KANG, L.; ALBIN, S. L. On-Line Monitoring when the Process Yields a Linear Profile, *Journal of Quality Technology*, v. 32, p. 418-426, 2000. [ Links ]

KAZEMZADEH, R. B.; NOOROSSANA, R.; AMIRI, A. Phase I Monitoring of Polynomial Profiles, to appear in *Communications in Statistics – Theory and Methods*, 2007a. [ Links ]

KAZEMZADEH, R.B.; NOOROSSANA, R.; AMIRI, A. On the Monitoring of Polynomial Profiles, Submitted to *International Journal of Advanced Manufacturing Technology*. Tentative acceptance subject to minor corrections, 2007b. [ Links ]

MAHMOUD, M. A. Phase I Analysis of Multiple Regression Linear Profiles, submitted for publication, 2007. [ Links ]

MAHMOUD, M. A.; PARKER, P. A.; WOODALL, W. H.; HAWKINS, D. M. A Change Point Method for Linear Profile Data, *Quality & Reliability Engineering International*, v. 23, p. 247-268, 2007. [ Links ]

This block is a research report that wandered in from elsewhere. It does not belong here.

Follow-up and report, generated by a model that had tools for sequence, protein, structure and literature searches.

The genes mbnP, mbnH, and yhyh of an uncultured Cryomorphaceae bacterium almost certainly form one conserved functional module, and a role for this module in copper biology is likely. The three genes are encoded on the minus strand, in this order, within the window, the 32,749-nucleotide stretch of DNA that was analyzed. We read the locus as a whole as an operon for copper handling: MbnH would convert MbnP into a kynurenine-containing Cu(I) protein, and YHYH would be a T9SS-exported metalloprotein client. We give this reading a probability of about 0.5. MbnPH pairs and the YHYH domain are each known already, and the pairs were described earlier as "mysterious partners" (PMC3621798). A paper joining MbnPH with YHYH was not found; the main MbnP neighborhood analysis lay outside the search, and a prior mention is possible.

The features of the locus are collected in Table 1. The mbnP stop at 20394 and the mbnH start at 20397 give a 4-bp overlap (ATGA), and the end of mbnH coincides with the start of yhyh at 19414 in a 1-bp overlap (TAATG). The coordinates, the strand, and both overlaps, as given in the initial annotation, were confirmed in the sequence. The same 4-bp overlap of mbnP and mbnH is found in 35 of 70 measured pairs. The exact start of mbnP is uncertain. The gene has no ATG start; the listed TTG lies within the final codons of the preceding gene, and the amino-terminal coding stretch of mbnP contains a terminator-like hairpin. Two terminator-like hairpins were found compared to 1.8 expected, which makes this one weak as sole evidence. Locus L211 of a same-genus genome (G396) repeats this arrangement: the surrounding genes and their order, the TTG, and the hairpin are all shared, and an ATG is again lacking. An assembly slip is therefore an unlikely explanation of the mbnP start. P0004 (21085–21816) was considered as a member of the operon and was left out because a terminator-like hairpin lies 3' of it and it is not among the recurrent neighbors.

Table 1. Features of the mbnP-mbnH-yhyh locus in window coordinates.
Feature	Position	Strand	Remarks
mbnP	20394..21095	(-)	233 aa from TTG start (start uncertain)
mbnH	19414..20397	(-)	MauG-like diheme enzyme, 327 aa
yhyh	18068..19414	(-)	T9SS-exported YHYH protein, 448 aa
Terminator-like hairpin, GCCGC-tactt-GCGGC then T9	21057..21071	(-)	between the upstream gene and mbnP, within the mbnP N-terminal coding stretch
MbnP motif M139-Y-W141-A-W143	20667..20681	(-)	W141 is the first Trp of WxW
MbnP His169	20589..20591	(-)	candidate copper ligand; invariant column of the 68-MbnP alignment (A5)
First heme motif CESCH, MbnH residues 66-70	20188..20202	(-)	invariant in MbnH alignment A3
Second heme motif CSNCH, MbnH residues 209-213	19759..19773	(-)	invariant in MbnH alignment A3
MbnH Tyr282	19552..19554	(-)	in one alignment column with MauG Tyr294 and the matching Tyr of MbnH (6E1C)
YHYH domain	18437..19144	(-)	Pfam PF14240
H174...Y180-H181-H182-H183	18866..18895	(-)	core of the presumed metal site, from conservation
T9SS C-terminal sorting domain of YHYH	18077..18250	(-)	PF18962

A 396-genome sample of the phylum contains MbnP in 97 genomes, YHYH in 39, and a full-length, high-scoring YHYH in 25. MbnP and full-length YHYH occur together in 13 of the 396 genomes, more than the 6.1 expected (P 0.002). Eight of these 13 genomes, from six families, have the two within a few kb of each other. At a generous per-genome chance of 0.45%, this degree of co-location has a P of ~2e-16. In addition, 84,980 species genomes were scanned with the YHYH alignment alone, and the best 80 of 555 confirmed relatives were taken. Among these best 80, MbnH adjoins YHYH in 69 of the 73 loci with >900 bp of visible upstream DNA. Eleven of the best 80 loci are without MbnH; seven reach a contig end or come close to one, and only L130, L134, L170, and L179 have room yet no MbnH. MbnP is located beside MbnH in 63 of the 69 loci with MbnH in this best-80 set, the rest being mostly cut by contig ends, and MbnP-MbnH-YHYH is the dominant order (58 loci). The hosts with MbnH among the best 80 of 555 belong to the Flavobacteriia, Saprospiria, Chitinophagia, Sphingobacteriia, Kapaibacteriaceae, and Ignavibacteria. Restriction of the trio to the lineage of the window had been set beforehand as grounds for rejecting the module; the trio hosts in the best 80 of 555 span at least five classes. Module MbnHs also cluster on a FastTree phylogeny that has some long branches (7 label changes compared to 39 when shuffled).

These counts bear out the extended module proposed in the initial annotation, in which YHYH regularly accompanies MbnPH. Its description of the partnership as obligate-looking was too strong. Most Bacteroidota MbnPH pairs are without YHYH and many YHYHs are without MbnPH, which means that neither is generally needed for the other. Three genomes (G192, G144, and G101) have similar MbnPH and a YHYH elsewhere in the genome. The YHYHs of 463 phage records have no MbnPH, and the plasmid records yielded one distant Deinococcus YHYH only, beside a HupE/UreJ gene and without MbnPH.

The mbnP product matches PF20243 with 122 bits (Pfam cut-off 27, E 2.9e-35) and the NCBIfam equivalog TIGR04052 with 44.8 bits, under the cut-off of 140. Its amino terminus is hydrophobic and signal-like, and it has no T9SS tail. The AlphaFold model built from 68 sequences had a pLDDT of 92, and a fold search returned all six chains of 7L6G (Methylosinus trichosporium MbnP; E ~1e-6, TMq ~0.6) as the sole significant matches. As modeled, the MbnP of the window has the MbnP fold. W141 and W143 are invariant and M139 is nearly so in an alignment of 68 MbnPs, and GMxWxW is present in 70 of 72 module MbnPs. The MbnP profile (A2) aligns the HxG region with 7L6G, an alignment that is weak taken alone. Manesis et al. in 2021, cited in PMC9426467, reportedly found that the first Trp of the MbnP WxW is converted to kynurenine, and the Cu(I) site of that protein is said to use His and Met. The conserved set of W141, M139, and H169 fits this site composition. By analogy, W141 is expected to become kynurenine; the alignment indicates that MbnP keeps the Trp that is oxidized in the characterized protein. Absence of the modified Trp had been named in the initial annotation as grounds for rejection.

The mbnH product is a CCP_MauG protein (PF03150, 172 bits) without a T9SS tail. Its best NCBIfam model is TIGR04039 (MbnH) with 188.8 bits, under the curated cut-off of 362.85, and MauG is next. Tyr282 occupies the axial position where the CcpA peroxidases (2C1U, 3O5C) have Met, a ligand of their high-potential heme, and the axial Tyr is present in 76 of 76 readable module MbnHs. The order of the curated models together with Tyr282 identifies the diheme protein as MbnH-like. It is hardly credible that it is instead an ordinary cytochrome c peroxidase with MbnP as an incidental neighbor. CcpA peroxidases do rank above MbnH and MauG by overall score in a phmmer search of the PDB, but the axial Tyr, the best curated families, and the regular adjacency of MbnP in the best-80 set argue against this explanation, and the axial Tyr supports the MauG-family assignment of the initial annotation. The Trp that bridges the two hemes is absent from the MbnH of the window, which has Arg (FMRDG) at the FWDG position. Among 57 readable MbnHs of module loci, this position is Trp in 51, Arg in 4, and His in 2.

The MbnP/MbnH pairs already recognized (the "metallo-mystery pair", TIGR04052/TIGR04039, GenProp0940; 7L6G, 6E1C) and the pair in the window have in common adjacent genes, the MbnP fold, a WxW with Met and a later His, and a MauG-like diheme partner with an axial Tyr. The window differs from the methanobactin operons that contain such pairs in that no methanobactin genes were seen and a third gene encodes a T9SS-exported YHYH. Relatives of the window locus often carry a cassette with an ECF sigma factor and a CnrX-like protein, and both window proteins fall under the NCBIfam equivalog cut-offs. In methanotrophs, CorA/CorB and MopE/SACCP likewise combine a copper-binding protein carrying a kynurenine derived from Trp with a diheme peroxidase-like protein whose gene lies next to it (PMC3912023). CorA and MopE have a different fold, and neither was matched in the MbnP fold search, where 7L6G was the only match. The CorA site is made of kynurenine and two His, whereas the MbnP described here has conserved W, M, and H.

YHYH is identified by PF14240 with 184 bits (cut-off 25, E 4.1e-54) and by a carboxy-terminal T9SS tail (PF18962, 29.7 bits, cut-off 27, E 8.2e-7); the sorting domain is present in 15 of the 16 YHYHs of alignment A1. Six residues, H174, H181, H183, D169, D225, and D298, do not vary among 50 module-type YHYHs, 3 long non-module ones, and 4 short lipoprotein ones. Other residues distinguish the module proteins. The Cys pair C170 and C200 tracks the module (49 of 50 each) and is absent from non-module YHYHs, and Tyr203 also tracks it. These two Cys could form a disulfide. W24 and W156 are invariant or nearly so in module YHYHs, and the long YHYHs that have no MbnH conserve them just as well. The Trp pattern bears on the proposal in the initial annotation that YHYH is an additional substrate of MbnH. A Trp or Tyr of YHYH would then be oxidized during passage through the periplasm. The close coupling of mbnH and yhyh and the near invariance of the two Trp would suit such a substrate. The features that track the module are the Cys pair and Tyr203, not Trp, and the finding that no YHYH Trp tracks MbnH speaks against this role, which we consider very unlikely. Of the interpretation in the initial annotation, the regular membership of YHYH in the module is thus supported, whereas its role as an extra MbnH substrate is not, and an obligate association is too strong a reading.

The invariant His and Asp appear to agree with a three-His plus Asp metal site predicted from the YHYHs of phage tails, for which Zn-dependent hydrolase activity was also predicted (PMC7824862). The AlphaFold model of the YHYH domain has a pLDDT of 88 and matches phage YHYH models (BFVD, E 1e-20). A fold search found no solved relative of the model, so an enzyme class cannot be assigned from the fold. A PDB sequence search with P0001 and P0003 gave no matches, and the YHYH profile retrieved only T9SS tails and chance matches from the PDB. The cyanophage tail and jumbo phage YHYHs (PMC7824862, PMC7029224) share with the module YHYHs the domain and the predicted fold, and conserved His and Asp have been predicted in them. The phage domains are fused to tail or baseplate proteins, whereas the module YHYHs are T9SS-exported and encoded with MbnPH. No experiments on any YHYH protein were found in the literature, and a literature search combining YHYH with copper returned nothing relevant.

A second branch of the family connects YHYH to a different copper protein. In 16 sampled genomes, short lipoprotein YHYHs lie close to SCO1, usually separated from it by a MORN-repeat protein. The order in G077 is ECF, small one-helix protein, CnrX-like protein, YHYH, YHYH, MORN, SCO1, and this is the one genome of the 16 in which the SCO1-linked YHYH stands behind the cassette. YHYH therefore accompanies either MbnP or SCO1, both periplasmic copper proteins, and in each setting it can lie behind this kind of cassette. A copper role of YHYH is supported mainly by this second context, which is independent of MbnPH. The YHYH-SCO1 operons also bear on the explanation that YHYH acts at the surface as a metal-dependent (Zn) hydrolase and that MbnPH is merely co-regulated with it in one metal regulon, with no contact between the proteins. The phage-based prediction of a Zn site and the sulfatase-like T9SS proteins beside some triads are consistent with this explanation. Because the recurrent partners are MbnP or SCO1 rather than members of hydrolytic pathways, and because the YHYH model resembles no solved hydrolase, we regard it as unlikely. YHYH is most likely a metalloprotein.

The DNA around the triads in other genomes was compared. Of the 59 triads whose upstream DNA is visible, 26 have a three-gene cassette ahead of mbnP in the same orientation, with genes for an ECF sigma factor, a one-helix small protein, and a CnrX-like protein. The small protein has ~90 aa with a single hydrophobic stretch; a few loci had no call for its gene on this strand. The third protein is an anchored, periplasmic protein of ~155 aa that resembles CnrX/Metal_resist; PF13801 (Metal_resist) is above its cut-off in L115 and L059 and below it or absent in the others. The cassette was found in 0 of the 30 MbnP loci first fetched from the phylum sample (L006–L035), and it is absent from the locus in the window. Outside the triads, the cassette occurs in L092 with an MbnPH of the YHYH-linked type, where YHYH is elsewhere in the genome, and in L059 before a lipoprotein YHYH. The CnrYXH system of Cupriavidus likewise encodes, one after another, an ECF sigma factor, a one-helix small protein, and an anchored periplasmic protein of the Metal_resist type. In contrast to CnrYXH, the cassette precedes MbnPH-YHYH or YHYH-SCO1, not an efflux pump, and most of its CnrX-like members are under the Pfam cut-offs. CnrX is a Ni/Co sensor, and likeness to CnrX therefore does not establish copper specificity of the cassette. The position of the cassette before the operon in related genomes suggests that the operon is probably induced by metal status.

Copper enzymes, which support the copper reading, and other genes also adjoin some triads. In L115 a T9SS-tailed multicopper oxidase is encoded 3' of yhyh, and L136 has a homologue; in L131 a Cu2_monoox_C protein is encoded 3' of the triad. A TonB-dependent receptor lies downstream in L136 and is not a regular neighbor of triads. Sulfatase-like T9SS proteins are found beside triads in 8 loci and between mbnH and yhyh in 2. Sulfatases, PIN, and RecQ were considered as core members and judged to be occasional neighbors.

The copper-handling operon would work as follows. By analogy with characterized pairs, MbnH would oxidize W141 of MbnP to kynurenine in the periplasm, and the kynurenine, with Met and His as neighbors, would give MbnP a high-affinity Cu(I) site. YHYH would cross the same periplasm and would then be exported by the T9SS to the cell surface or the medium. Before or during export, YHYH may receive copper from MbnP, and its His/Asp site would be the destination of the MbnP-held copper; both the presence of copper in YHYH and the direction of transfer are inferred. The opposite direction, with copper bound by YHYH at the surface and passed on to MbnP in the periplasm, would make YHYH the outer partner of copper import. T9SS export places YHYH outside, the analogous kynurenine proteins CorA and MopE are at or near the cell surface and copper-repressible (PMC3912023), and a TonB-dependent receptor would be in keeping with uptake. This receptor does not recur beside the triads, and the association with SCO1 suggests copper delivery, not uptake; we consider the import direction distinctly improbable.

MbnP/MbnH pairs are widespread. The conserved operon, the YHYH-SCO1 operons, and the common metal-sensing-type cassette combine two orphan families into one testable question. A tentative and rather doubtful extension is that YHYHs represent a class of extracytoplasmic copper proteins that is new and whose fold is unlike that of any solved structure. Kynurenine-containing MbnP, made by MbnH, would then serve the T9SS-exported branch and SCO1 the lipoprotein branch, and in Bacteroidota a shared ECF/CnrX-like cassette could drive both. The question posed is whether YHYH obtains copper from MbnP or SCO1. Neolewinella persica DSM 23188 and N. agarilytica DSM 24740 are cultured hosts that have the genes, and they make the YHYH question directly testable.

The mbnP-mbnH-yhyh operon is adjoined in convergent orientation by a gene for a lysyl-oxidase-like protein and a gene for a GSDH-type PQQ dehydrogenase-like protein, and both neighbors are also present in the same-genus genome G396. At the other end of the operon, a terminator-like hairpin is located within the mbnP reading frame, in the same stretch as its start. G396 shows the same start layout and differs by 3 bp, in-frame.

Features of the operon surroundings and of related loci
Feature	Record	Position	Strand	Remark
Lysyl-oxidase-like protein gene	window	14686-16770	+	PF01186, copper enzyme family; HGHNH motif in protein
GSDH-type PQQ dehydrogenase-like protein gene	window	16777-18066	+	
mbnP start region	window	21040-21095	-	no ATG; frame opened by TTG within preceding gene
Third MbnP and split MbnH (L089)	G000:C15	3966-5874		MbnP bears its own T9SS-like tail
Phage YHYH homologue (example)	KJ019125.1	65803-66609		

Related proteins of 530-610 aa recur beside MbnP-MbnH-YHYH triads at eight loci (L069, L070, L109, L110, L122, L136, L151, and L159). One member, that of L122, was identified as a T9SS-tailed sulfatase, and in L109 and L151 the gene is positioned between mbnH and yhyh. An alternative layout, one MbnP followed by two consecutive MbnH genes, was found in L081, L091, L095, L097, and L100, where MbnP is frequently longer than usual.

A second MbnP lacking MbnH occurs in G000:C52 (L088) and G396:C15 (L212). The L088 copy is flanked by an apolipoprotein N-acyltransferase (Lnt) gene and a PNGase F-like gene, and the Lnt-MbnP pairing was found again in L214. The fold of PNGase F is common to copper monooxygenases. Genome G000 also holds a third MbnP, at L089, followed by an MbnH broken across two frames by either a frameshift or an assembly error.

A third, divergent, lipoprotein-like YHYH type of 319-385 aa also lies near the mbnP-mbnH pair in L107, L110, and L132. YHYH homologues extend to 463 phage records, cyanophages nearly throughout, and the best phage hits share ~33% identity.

MAHMOUD, M. A.; WOODALL, W. H. Phase I Analysis of Linear Profiles with Calibration Applications, *Technometrics*, v. 46, p. 377-391, 2004. [ Links ]

MARENGO E.; LIPAROTA, M. C.; ROBOTTI, E.; BOBBA, M.; GENNARO, M. C. Monitoring of Pigmented Surfaces in Accelerated Ageing Process by ATR-FT-IR Spectroscopy and Multivariate Control Charts, *Talanta*, v. 66, p. 1158-1167, 2005. [ Links ]

MOGUERZA, J. M; MUÑOZ, A.; PSARAKIS, S. Monitoring Nonlinear Profiles using Support Vector Machines. *Lecture Notes in Computer Science,* 4756, p. 574-583. The publisher is Springer-Verlag, 2007. [ Links ]

MOSESOVA, S. A.; CHIPMAN, H. A.; MACKAY, R. J.; STEINER, S. H. Profile Monitoring Using Mixed-Effects Models, submitted for publication, 2007. [ Links ]

NOOROSSANA, R. ; AMIRI, A.; SOLEIMANI, P. On the Monitoring of Autocorrelated Linear Profiles. To appear in Communications in Statistics-Theory and Methods, 2007a. [ Links ]

NOOROSSANA, R.; AMIRI, A.; VAGHEFI, S.A.; ROGHANIAN, E. Monitoring Process Performance Using Linear Profiles. Proceedings of the 3rd International Industrial Engineering Conference, Tehran, Iran, 2004a. [ Links ]